What breakthrough technologies have the potential soon to affect the human condition at a substantial scale, with special emphasis on the economic, social, and environmental challenges affecting the world’s poorest people? This is a question we tackled together over the past couple of years, through an edited volume that brings together the perspectives of more than a dozen remarkable contributors, from science, business, civil society, and policy worlds.
Senior Fellow - Global Economy and Development, Center for Sustainable Development
John W. McArthur
Director - Center for Sustainable Development
Senior Fellow - Global Economy and Development
Senior Research Advisor - JICA Ogata Research Institute
Professor - GRIPS
The final product, released last month as a collaboration between the Center for Sustainable Development at Brookings and the JICA Ogata Research Institute, was guided by a simple challenge to our authors: Given where we stand today with respect to technology and technological progress, what would success look like—defined as a material global impact on one or more of the Sustainable Development Goals by 2030? How could we achieve a nonlinear breakthrough? What are the main challenges and what can be done to get real impact?
We asked about what could happen rather than about would happen. And we organized the contributions into scientific advances, new applications, and systems change. According to our experts, the world in 2030 could be very different. As we outline in the overview, the chapters describe how the world could:
- Anticipate and mitigate pandemics originating in any country (by Yolanda Botti-Lodovico and Pardis Sabeti)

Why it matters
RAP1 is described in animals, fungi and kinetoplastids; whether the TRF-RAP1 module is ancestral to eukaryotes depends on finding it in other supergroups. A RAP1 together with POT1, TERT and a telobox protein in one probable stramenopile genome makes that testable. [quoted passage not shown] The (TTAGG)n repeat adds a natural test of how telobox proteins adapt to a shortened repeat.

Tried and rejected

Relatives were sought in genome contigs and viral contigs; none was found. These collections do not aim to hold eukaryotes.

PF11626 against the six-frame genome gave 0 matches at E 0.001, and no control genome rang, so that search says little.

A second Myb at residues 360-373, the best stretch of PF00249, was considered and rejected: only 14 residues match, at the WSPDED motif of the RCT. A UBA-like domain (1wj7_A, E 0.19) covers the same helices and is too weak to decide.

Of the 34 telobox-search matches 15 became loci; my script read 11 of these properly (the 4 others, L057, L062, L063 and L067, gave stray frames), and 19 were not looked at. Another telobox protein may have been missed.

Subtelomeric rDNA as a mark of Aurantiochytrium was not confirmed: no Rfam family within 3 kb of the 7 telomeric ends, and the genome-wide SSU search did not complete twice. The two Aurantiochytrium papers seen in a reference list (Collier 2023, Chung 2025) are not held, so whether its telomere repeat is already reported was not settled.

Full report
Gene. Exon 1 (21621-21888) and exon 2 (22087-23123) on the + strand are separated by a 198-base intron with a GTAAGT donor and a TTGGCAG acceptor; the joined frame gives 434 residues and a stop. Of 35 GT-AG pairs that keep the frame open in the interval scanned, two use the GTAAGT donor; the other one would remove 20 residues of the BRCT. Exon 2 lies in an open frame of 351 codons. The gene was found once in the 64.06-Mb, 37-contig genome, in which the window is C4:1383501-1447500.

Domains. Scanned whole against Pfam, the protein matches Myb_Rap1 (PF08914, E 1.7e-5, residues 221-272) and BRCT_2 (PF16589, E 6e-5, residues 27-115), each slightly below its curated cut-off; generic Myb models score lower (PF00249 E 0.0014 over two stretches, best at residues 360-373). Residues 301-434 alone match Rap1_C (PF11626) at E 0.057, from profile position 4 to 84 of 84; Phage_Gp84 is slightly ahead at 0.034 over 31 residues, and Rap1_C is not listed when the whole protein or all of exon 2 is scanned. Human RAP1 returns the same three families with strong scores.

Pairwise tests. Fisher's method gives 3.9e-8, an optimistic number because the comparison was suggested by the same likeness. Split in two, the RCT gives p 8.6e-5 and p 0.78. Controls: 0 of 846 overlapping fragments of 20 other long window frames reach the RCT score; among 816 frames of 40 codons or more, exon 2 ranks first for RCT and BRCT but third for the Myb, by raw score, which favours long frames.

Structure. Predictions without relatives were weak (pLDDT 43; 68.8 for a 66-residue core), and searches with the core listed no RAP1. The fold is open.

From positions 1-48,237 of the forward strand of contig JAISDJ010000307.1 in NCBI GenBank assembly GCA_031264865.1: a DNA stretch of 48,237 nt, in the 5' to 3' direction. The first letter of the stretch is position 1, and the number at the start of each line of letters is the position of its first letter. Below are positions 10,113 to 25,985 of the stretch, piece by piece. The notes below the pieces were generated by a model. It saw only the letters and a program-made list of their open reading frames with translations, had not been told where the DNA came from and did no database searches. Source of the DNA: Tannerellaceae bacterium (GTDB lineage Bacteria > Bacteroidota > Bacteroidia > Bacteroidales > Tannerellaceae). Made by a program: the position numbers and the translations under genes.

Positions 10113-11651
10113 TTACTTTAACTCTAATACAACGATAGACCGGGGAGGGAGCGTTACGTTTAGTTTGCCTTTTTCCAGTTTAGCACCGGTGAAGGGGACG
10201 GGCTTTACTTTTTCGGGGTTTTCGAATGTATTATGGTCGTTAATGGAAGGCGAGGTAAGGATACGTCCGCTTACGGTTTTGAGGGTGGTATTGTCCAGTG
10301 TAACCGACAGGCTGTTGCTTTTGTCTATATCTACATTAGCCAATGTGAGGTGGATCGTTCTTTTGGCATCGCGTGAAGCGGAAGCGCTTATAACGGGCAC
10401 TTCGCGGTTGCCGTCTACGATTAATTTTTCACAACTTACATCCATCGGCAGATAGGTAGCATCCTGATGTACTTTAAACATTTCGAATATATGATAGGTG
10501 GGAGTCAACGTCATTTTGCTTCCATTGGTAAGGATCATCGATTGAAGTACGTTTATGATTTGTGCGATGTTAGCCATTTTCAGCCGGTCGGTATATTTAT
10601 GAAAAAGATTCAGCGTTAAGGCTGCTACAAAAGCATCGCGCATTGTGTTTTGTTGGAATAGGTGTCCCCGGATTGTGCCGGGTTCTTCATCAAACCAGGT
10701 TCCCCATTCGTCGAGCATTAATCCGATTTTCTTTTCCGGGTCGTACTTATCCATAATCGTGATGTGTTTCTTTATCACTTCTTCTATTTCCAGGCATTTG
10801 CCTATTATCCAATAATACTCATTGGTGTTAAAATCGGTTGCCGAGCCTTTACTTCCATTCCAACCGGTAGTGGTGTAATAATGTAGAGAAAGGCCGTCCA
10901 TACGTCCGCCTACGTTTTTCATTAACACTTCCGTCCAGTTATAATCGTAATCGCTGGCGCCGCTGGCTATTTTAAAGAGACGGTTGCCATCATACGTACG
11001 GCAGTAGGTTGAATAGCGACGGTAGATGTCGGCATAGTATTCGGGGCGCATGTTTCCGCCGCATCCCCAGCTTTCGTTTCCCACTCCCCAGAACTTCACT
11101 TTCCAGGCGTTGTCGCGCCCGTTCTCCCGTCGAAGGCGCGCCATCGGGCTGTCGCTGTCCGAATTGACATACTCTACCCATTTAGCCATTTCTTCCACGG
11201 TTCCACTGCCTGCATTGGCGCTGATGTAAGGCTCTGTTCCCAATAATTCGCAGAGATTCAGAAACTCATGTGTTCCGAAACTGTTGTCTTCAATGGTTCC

- Make fertilizers from microbes rather than fossil fuels, and grow leather from mushrooms (by Zachary Bogue)
- Deploy solar power that is too cheap even to meter, at least at some times of the day (by Vijay Modi)
- Create interspecies money, meaning artificial intelligence-guided digital currency serving the needs of nonhumans, as a tool for conserving nature (by Jonathan Ledgard).
- Deploy artificial intelligence-driven tools to transform (and predict need for) the response to natural and man-made crises (by Tarek Ghani and Grant Gordon)
- Link millions of smallholder farmers directly with technology platforms and market information (by Lesly Goh)
- Use satellites to detect and control illegal deforestation in real time, creating new incentives toward forest preservation (by Hiroaki Okonogi, Eiji Yamada, and Takahiro Morita)
- Move “smart cities” from slogan to reality, underpinned by ethical data governance (by Tomoyuki Naito).
- Have safe, universal access to open-source digital payment networks that reduce economic transactions costs, expand access to public services, inhibit government corruption, and even promote the integrity of elections (by Tomicah Tilleman).
- Rethink public entrepreneurship, from social entrepreneurs who foster connections within systems to “transmediaries” who reshape entire networks of relationships across systems (by Bright Simons).
- Incentivize new approaches to supporting innovation, taking smart risks, and sharing technology (by Ann Mei Chang).
If these technologies do take off, the collective change would be extraordinary. An excerpt from our overview paints the picture: